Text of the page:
When I first designed the Everyday Hugs cardigan, I used a stitch pattern I called the single crochet v-stitch. It created a lovely opaque fabric and worked really well with an aran yarn and a slightly bigger hook than recommended to give it some drape.
I recently updated the Everyday Hugs pattern to cover 7 sizes – it’s one of my early garment patterns when I was still learning how to grade (size) garments so I only made it in 3 originally.
Whilst updating it, I made a new, cropped version (it’s a simple top down design so it’s easy to just stop when you reach the length you want) and took some new step by step pictures for the pattern.
Here’s the finished cardi – perfect for throwing on when the evenings start to cool! I added some stripes using some left over pink yarn from the original cardi as an homage to it!
During this revamp, I found out that a more common term for this stitch was the Spider Stitch. More common than single crochet v-stitch at least! So many terms for the same thing in crochet!
I don’t know who called it that but when I googled it to check I had the right name for the stitch (and could refer to it in the pattern), a little money spider crawled down my screen… I decided it was an omen and I really must make a tutorial.
Here’s a little close up of the sleeve so you can get a proper look at the stitch pattern.
Spider stitch is really simple but there are a few potential pitfalls when working it, so I thought I would cover those too.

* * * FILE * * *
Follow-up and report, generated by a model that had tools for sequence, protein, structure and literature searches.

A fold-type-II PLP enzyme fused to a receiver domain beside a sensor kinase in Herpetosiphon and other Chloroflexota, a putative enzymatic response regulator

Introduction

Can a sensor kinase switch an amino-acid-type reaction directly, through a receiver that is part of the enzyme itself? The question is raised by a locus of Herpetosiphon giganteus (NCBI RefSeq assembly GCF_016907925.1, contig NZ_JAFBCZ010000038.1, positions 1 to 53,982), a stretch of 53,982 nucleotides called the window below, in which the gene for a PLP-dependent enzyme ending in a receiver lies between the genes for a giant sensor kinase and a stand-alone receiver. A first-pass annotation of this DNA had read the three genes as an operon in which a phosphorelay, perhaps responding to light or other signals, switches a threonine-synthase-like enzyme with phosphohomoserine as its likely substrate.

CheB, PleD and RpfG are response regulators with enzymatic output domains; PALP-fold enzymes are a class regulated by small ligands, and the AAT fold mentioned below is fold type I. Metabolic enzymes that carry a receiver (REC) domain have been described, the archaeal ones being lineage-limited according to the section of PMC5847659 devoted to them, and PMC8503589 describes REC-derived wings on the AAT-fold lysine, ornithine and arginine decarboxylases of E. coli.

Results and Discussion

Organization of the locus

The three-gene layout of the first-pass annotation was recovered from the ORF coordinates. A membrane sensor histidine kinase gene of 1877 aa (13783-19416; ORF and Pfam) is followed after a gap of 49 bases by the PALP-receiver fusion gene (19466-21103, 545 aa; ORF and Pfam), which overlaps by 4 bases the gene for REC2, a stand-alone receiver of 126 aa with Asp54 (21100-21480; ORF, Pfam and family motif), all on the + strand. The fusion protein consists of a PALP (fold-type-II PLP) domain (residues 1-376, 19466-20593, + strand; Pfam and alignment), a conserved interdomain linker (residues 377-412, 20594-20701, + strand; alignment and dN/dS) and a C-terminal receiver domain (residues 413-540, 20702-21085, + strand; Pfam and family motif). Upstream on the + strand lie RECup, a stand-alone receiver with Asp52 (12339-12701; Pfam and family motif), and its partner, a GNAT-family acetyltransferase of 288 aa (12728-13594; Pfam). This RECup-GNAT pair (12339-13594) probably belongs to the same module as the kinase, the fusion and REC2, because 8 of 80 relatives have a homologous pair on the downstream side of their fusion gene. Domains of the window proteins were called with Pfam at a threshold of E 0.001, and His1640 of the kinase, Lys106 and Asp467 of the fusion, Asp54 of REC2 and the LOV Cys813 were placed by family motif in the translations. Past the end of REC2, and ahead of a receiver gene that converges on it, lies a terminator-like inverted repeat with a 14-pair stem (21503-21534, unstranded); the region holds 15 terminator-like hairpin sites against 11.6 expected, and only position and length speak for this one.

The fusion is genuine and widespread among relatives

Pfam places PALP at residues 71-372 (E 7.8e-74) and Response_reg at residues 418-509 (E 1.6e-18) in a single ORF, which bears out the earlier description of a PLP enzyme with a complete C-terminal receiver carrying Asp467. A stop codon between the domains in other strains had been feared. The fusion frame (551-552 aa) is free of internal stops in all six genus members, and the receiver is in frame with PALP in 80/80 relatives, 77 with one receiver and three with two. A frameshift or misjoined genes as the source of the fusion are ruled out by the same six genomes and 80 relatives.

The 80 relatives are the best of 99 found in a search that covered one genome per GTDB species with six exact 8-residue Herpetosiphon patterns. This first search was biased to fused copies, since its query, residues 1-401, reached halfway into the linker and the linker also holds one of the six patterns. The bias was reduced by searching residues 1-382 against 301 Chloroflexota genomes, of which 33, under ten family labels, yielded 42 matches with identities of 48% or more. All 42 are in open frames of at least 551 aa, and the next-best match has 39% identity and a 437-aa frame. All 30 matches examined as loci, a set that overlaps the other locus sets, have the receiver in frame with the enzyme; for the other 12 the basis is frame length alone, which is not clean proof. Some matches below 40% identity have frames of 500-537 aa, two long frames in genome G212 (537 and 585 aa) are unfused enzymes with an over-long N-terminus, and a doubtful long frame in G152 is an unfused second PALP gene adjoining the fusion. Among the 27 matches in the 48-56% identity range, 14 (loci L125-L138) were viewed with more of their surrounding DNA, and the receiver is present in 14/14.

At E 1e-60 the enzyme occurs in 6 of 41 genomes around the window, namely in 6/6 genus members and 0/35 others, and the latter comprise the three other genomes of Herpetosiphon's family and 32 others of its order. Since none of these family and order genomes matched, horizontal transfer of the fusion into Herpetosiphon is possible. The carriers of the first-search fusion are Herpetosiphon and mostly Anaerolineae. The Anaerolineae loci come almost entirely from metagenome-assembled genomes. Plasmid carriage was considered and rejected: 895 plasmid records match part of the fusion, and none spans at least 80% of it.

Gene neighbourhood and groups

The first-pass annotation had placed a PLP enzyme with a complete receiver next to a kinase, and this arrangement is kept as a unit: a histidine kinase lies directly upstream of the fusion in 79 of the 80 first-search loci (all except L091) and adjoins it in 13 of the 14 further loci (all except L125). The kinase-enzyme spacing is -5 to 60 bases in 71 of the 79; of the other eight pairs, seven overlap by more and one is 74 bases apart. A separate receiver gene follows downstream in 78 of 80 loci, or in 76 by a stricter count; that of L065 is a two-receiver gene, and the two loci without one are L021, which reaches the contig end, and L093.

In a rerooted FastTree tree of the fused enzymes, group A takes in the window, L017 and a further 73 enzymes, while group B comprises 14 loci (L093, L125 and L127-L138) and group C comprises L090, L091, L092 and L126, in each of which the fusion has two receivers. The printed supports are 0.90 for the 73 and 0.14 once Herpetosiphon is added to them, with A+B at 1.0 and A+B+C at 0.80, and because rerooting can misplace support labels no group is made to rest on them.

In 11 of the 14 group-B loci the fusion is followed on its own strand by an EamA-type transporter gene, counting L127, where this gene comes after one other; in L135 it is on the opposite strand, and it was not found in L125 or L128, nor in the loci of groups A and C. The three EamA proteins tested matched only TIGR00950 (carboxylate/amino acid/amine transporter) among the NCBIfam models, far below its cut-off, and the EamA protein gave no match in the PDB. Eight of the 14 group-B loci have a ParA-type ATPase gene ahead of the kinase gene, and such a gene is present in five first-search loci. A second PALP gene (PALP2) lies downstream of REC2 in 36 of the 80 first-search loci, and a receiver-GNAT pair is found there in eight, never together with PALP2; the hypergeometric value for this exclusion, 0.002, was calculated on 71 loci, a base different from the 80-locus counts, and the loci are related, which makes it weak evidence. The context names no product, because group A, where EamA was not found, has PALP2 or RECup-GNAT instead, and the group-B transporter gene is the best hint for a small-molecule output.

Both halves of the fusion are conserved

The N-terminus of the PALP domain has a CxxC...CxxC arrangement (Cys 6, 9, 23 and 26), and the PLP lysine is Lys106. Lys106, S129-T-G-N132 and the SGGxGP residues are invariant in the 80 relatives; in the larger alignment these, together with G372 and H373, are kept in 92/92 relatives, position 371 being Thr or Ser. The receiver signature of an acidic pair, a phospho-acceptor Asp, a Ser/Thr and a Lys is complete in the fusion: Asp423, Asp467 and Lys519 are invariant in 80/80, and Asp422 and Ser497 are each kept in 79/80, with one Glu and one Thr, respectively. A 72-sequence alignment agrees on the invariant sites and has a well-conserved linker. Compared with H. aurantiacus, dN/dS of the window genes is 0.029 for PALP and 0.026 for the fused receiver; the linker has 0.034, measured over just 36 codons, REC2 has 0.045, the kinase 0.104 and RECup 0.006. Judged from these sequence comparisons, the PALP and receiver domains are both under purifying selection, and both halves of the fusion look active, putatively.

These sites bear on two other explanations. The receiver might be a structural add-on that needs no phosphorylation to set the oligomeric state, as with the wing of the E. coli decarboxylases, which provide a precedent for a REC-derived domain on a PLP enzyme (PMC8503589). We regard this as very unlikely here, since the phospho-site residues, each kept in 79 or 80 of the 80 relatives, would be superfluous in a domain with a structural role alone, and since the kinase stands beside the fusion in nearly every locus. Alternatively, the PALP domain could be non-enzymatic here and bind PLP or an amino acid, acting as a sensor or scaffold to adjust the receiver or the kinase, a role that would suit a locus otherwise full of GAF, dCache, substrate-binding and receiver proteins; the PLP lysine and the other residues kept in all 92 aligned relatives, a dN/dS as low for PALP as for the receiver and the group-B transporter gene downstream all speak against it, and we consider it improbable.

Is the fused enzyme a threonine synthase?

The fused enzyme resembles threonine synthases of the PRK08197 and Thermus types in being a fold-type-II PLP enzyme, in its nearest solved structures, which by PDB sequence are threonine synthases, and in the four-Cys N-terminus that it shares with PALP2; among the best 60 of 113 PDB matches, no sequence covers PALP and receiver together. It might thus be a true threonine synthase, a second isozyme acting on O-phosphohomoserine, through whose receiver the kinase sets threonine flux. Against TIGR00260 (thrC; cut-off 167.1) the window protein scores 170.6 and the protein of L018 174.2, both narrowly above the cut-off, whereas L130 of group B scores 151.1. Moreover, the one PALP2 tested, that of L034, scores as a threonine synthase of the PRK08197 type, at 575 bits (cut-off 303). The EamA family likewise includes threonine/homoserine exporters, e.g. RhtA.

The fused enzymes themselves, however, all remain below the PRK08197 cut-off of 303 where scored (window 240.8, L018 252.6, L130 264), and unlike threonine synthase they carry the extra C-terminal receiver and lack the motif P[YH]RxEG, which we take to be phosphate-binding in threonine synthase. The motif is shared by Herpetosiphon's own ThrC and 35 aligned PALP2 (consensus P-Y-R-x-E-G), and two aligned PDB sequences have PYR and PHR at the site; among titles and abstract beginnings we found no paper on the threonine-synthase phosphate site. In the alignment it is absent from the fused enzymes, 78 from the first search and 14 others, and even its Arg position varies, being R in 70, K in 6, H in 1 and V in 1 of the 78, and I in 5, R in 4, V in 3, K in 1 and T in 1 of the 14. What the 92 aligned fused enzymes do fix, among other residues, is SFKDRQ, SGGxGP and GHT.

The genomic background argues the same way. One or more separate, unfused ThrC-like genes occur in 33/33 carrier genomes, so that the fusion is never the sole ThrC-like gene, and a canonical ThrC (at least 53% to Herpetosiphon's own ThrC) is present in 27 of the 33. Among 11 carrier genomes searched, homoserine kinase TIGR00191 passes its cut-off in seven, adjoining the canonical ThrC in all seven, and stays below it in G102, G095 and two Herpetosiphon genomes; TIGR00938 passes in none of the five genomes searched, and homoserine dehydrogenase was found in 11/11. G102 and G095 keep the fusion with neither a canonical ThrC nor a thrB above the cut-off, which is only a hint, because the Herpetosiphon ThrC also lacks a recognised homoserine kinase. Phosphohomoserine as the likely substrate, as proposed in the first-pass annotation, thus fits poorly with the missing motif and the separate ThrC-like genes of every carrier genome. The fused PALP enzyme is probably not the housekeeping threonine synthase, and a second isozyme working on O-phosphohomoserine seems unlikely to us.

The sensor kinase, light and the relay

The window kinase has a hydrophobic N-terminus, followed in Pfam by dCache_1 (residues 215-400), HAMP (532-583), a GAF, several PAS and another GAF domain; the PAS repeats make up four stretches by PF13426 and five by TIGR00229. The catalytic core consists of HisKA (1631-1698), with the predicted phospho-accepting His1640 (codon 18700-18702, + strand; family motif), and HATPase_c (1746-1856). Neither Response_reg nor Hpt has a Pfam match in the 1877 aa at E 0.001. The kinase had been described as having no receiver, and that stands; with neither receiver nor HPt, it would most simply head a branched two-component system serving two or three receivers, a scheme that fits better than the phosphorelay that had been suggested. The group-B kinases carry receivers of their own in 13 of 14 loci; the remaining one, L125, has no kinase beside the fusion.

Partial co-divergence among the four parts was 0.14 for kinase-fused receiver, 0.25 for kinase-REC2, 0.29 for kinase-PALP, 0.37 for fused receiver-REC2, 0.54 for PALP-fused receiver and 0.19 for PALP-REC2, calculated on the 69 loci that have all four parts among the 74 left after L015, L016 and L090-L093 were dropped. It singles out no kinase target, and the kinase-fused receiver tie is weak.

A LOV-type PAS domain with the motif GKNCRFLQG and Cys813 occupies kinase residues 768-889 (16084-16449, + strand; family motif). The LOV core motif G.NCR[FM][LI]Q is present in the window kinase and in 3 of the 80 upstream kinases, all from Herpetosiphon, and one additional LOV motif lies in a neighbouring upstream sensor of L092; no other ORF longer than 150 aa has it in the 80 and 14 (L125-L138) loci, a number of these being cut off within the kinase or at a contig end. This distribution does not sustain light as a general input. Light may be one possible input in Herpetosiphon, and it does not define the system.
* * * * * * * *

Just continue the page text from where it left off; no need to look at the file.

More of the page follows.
Below you’ll find the written instructions, a left and right handed video tutorial.
These are the abbreviations I’ll use in US crochet terms (UK terms in brackets)
- ch = chain
- ch-sp = chain space
- sc = single crochet (UK double crochet)
- sk = skip (UK miss)
- sp = space
And here are a few pattern notes about how the instructions are written
- Ch2 turning chain is included as 1 stitch for the stitch count
- Instructions in round brackets are worked in the same stitch
- Instructions after *asterisks should be repeated as indicated
Crochet Spider Stitch – Written Instructions
Skill Level: Easy
Stitches used: Chain (ch), US Single crochet (sc)
Stitch Multiple: Work with a multiple of 3 + 2 stitches on the foundation row.
Row 1: Ch2 (counts as 1sc), sk 2 sts including the first st at the base of ch2, (1sc, ch1, 1sc) all in the next st, *sk 2 sts, (1sc, ch1, 1sc) in the next st; rep from * to the last 2 sts, skip 1 st, 1sc in last st, turn
Row 2: Ch2, sk first and second sc, (1sc, ch1, 1sc) in the first ch1-sp, *sk 2 sc, (1sc, ch1, 1sc) in the next ch1-sp; rep from * to last ch1-sp, sk 1 sc, 1sc in top of ch2, turn
For pattern, repeat row 2
Points to consider when working spider stitch
Each (1sc, ch1, 1sc) makes up 1 spider stitch and counts as 3 stitches for the overall stitch count.
That’s it in terms of instructions. It’s pretty simple, but working into a ch1-sp where the stitches either side are at an angle can take a bit of getting used to.
I recommend you keep your chain spaces loose so that you can easily identify where to put the hook.
When working into the ch-sp, it can be easy to accidentally work into the centre of one of the sc either side, so watch out for that. I demonstrate this in the video version.
Likewise, it’s easy to insert your hook under the front of the ch-sp but slide it through the middle back of one of the sc – and you won’t realise until you come to work the other side and think… hmmm… something isn’t quite right here!
If visual is more your thing. Check out the video tutorials below.
Right handed spider stitch tutorial
Left handed spider stitch tutorial
You can find more stitch tutorials here.
But in the meantime…